Also, the way crits work in Elthos (as a multiplier) make these small differences really meaningful form time to time. This is somewhat similar to what I want to do with my OSR hacks. Still playtesting some of it...

      Thanks for the comment.

  2. I managed to "fix" the B/X weapons to my satisfaction with the below tweaks:
    * Axes reroll 1’s on their damage dice and add 1 to the final result for each 1 rolled
    * Blunt weapons have +2 to-hit vs plate armor and brittle enemies (skeletons, statues, etc.)
    * Crossbows deal d8 damage rather than d6
    * Hatchets (small axes) exist, cost the same as hand axes, and deal d4 damage
    * Mauls (two-handed blunt weapons) exist, cost the same as maces, and deal d8 damage
    * Polearms deal d8 damage rather than d10
    * The “slow” quality is removed from all weapons

    Every weapon is distinct and there's a situation in which one light want to pick each of them (except the small weapons - hatchet, short sword, etc, which you wouldn't pick unless you're a small character like a Halfling).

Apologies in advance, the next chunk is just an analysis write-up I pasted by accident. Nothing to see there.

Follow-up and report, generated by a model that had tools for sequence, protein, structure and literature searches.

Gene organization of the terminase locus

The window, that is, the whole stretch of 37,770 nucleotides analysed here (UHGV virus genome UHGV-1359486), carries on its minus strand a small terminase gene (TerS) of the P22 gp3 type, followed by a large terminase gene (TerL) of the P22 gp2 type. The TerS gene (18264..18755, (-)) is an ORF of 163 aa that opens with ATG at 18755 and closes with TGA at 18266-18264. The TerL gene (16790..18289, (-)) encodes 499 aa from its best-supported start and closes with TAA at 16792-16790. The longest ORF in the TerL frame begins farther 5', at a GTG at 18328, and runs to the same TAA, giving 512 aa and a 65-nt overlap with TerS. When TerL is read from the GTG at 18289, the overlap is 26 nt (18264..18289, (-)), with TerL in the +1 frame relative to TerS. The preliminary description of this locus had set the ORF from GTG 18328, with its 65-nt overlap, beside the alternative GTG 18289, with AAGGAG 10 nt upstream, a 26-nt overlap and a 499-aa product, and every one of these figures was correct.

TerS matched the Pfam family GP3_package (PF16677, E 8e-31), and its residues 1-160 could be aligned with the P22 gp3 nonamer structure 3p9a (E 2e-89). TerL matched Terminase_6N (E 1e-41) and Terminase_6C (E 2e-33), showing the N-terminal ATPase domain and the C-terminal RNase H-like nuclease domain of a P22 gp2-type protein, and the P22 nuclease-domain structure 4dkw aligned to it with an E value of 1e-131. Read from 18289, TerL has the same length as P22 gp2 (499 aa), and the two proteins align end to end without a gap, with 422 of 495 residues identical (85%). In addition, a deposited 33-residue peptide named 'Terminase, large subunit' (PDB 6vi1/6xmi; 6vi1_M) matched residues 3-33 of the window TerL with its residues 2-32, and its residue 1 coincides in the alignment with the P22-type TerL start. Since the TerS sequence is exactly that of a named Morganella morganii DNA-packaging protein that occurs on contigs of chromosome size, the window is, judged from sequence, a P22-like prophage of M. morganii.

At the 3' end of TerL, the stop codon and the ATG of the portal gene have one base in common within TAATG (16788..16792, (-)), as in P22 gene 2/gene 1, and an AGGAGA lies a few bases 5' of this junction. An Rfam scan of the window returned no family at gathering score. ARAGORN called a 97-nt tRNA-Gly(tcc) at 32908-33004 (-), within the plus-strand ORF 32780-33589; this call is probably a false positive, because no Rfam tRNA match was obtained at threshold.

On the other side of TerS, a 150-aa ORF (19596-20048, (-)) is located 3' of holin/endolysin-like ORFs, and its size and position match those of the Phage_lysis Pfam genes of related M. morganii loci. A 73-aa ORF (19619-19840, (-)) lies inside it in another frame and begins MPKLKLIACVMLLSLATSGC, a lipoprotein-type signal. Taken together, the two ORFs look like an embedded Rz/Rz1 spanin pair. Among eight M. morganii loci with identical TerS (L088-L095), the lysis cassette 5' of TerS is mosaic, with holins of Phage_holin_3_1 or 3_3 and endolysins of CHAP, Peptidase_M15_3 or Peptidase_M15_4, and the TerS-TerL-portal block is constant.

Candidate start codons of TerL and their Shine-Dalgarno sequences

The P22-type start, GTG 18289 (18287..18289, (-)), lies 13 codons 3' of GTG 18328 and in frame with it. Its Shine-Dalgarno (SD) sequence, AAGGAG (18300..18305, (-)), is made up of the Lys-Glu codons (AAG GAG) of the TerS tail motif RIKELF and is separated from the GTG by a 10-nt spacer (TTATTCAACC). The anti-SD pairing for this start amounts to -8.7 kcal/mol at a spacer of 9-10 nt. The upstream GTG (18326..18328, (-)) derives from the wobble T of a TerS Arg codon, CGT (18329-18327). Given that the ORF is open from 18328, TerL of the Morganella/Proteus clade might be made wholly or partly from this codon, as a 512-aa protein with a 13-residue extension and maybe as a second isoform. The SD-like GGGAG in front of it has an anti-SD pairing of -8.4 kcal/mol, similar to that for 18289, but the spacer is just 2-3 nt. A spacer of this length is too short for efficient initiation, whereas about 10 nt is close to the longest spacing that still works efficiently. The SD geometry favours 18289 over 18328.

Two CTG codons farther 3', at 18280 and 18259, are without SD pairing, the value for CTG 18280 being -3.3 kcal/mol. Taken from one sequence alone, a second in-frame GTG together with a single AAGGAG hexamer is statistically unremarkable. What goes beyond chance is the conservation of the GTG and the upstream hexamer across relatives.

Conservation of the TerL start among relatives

1. Sounds good. I'm trying to do something discreet like that: small changes, weapons are distinct but not too fiddly, etc.

  3. Gotta love the Equipment Emporium getting more love

  4. Good stuff! I tweaked my weapon lists to avoid obvious superior weapons too, although I usually run Whitehack and it does a lot of what you are suggesting. I do like your tweak for great and slow weapons though.

    Levi K recently came up with a fun process for constructing weapons which you might like: https://mobile.twitter.com/levikornelsen/status/1579380732585480192

  5. You should have a look at the free osr rpg called "Dark Dungeons", which is a retroclone of the rules cyclopedia + wrath of the immortals. And also "Dark Dungeons X", which is Dark Dungeons with more house rules. In each of them, there is an extensive chapter about weapons feats. Each weapon gets its specific table. It remains simple enough, but it adds interesting effects as our characters specialise in one weapon. For example, some weapons may disarm, stun, or have some cool effects.

    1. Ah yes, I love DD and the RC. A bit "too much" for me to use at once, but great for inspiration.

  6. It's been many years since you and I actually interacted, but at the time, you were asking what the additional tags on my altered 5e weapons table were for, and I said that I intended to make Fighting Styles and feats that interacted with them, and then did not follow up on that project for quite some time thereafter. I am happy to report, however, that that is no longer the case!

    At the very least, I have the Fighting Styles to accompany them complete, and am actually about to work on feats as of finishing my rework of the Ranger today (which I had been putting them off until the completion of).